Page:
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Commonly Misused Words
2 Tutorials that teach Commonly Misused Words
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Commonly Misused Words
Common Core: 7.L.4

Commonly Misused Words

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Author: Sydney Bauer
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This lesson discusses words that are commonly misused.
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Tutorial

 

The misuse of a word is a misunderstanding of what that word really means. It is not uncommon for certain words to be misused commonly.

Some words are misused because they sound similar to another word (the word the writer or speaker intended to use), or they appear to be interchangeable with another word, such as “affect” and “effect.”

 

Some words are misused because their misuse became informally accepted, such as “irregardless,” which isn’t a word, but is often used as one anyway.

 

Here is a cheat sheet of some of the most commonly misused words.

 

Affect and Effect: Affect is usually used as a verb that means “to influence behavior or outcome.” Effect is usually used as a noun describing the result of something, but it can also be used as a verb that means “to bring about” or “to produce.”

  • That earthquake affected me more than I would have thought. 
  • It is clear that these events effected great change in our community. 
  • The immediate effect is the addition of stop signs on every corner downtown.

 

Aggravate: to intensify a problem, injury, or existing condition or make it worse. “Aggravate” does not mean “to annoy or irritate.” Millions of people use the word “aggravate” when they mean to use the word “irritate” or “annoy.”

  • This toothache is aggravating my migraine. 

 

a lot: should always be two words. “Alot” is not a word.

  • There are a lot of things you need to know about how muscles work.

 

Ambivalent: having mixed or conflicting feelings about something

  • Susan was ambivalent when it came to moving across town: she neither loved nor hated the idea of living closer to work.

 

Anticipate: The formal meaning of the word “anticipate” is “to be aware of something that will happen and take steps to be prepared for it.” Although it is commonly misused to simply mean “expect” or “predict,” it’s formal meaning is the most specific and academically accepted use.

  • I had anticipated that you would respond in that way, so we prepared a nice severance package in advance for you.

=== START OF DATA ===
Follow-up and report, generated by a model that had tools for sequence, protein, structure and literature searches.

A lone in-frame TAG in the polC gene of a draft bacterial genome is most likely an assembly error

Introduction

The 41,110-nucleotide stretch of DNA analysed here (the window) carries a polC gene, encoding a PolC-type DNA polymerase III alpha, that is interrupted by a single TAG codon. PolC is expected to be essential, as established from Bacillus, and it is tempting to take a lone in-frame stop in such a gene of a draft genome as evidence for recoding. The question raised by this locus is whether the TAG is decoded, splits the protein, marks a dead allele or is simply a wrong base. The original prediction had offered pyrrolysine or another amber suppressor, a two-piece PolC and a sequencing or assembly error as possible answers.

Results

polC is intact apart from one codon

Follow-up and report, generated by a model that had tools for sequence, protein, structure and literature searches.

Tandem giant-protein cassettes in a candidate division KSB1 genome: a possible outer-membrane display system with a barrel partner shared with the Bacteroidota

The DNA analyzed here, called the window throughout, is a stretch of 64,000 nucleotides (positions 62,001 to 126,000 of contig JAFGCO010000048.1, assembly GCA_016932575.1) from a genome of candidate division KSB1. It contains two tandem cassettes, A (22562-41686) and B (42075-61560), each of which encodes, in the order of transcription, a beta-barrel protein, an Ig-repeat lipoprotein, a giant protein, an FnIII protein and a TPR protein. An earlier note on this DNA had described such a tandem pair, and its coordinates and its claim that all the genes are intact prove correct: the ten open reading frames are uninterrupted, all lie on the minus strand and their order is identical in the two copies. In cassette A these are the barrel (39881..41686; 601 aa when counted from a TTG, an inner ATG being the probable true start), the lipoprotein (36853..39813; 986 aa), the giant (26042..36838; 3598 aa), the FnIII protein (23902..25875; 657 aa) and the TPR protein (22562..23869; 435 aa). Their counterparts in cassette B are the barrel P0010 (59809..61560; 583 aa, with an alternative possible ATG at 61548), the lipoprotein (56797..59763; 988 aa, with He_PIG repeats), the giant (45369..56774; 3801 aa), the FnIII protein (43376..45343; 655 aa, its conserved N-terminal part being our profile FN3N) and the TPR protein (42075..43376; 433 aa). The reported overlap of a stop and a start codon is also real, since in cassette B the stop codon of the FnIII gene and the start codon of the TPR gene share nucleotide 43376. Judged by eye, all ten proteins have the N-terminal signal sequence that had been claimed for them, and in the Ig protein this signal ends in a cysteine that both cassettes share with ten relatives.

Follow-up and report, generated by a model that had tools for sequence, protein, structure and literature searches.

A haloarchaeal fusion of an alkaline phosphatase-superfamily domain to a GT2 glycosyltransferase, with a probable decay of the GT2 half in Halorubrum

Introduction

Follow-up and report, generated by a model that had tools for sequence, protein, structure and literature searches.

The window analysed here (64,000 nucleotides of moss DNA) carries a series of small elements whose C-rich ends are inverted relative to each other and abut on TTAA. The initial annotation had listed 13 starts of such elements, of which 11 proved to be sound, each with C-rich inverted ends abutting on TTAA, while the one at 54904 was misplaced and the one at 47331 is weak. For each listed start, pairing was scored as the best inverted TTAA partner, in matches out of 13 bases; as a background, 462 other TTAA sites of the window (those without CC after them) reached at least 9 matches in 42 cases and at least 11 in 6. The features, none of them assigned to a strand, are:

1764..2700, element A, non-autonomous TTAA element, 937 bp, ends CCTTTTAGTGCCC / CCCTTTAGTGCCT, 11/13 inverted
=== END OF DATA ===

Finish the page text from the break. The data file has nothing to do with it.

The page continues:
Bad: an adjective (which means that it is used to describe nouns and pronouns, not verbs)

Badly: an adverb (which means that it describes verbs, adjectives, and other adverbs, not nouns)

  • I feel bad about what happened. 
  • It was badly managed. 

Bunch: things that come in clusters. It is not an accepted substitute for the word “group.”

 

Continuous: an unbroken whole, free of interruptions.

  • "It's a Small World" was played on a continuous loop in the background; as soon as it ended, the song began again. Eventually, I could not tell if it ever even ended. 

Disinterested and Uninterested: Disinterested means to be impartial or unbiased, while Uninterested means to lack any sort of interest in the topic or matter at hand. A judge is disinterested, while your little brother is likely uninterested.

 

Good and Well: Good is an adjective that describes nouns and pronouns. Well is an adverb that modifies verbs, adverbs, and adjectives, but it can also be a deep hole in the ground that usually provides access to an underground water source.

  • If you dig well, you should come dig our well. We will pay you well because we are good people.

 

Notorious: famous or well known, usually for something negative.

  • Marky Mark, notorious for dropping his pants on stage in front of thousands, eventually made a name for himself as a rapper and an actor. 

Unique: means “one of a kind” and it should never be used with intensifiers such as “very” or “more” or “most” because something is either unique or it isn’t. There is no separation beyond that. 

  • Fingerprints are unique to each person.